Scarlette Homeshaw, originally from Kent now lives and works in Huddersfield. Homeshaw graduated from De Montfort University with a Fine Art BA Hons in July 2012, and following this won the Leicester Print Workshop Prize for 2011/2012. Homeshaw is a print maker and primarily focuses on reduction lino cut printing, often utilising several layers in her work, Homeshaw also uses heavy oil based inks, which offer impactful colour. Place and locations, significant to Homeshaw are the inspiration for her work, including various areas in the UK including, Yorkshire, Kent, and the Midlands.
Looking at Homeshaw’s collection of work, I found these two pieces spoke to me the most. They are from Homeshaw’s “Midlands” collection and unlike perhaps some scenes of buildings or landscapes that may be more indicative of an area these two pieces feel quite anonymised. We can only see a small portion, a glimpse of the chairs and the setting, and the angles employed are quite tight and restricted. The colour also drew my attention, I especially like the mild blue notes against the bright orange, yellow and black.
In response to Homeshaw’s work, I thought I would try reduction lino cut printing, which involves cutting and printing layers individually, using the same piece of lino. This means it’s important to plan ahead with regards to executing a correct final image as once the lino is cut and removed it cannot be replaced. As an experiment I thought I would try to produce an abstract print rather than figurative in order to just play with shape and line, and get a better understanding of the process.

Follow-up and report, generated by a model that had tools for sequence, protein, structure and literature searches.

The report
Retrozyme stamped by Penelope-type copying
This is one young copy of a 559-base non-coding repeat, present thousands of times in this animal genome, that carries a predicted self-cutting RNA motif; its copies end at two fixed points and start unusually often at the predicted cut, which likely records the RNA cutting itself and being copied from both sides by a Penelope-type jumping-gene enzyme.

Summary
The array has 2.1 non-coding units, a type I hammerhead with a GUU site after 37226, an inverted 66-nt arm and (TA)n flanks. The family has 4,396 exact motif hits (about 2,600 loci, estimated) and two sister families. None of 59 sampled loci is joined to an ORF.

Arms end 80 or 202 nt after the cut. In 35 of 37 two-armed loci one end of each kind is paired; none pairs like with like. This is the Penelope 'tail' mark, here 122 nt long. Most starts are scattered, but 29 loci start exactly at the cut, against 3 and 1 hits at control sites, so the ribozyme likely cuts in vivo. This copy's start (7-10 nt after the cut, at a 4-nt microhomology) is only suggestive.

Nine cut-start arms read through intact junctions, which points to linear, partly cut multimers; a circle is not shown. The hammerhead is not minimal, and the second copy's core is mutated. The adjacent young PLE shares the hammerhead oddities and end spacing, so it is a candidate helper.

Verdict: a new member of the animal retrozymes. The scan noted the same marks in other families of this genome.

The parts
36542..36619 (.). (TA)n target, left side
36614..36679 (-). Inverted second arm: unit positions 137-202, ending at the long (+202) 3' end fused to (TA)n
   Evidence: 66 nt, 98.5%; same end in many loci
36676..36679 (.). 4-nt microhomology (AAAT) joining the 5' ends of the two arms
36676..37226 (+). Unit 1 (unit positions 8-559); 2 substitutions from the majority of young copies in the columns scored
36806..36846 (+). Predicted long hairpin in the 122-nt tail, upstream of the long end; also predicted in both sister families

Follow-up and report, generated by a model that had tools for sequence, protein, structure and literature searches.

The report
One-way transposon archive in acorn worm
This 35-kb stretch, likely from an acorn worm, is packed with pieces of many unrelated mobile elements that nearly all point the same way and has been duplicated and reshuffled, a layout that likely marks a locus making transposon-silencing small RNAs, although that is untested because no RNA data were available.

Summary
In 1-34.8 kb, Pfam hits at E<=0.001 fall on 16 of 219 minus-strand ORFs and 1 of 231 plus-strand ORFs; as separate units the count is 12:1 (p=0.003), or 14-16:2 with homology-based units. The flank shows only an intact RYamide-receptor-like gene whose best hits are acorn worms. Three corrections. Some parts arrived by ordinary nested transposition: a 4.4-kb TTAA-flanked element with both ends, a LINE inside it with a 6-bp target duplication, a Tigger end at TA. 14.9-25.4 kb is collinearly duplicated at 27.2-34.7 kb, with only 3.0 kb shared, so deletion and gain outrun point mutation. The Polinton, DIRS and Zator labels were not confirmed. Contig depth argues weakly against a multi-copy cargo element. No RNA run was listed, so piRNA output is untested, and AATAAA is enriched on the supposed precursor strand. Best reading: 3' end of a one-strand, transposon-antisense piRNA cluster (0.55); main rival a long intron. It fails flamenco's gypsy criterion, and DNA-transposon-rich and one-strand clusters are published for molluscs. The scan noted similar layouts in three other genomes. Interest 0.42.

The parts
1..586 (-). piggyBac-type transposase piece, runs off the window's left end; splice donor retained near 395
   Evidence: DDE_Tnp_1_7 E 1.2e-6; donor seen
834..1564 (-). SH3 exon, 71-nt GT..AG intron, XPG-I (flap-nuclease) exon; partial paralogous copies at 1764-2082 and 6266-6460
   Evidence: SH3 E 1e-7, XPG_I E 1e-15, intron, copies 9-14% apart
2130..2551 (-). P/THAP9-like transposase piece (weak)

I decided to produce two prints using the same piece of lino, but placing the lino onto the paper in different ways to create different outcomes. Looking at both pieces I think it would have worked better if I hadn’t cut out the large shapes from the sides. This meant that when I pressed the paper onto the lino as there was no bordered edge to hold the paper, I inevitably pressed into the cut out lino which has resulted in the rough cut markings. To create the final images I printed using the lightest shades first, yellow, then pink, mauve and finally then black over the top. I didn’t really have an end goal in sight and just wanted to experiment in the process itself to try and get a better understanding of reduction lino cut printing. It’s a bit of a messy outcome with mistakes here and there, but I was glad to make mistakes in these practice outcomes in order to prepare me for the final assignments.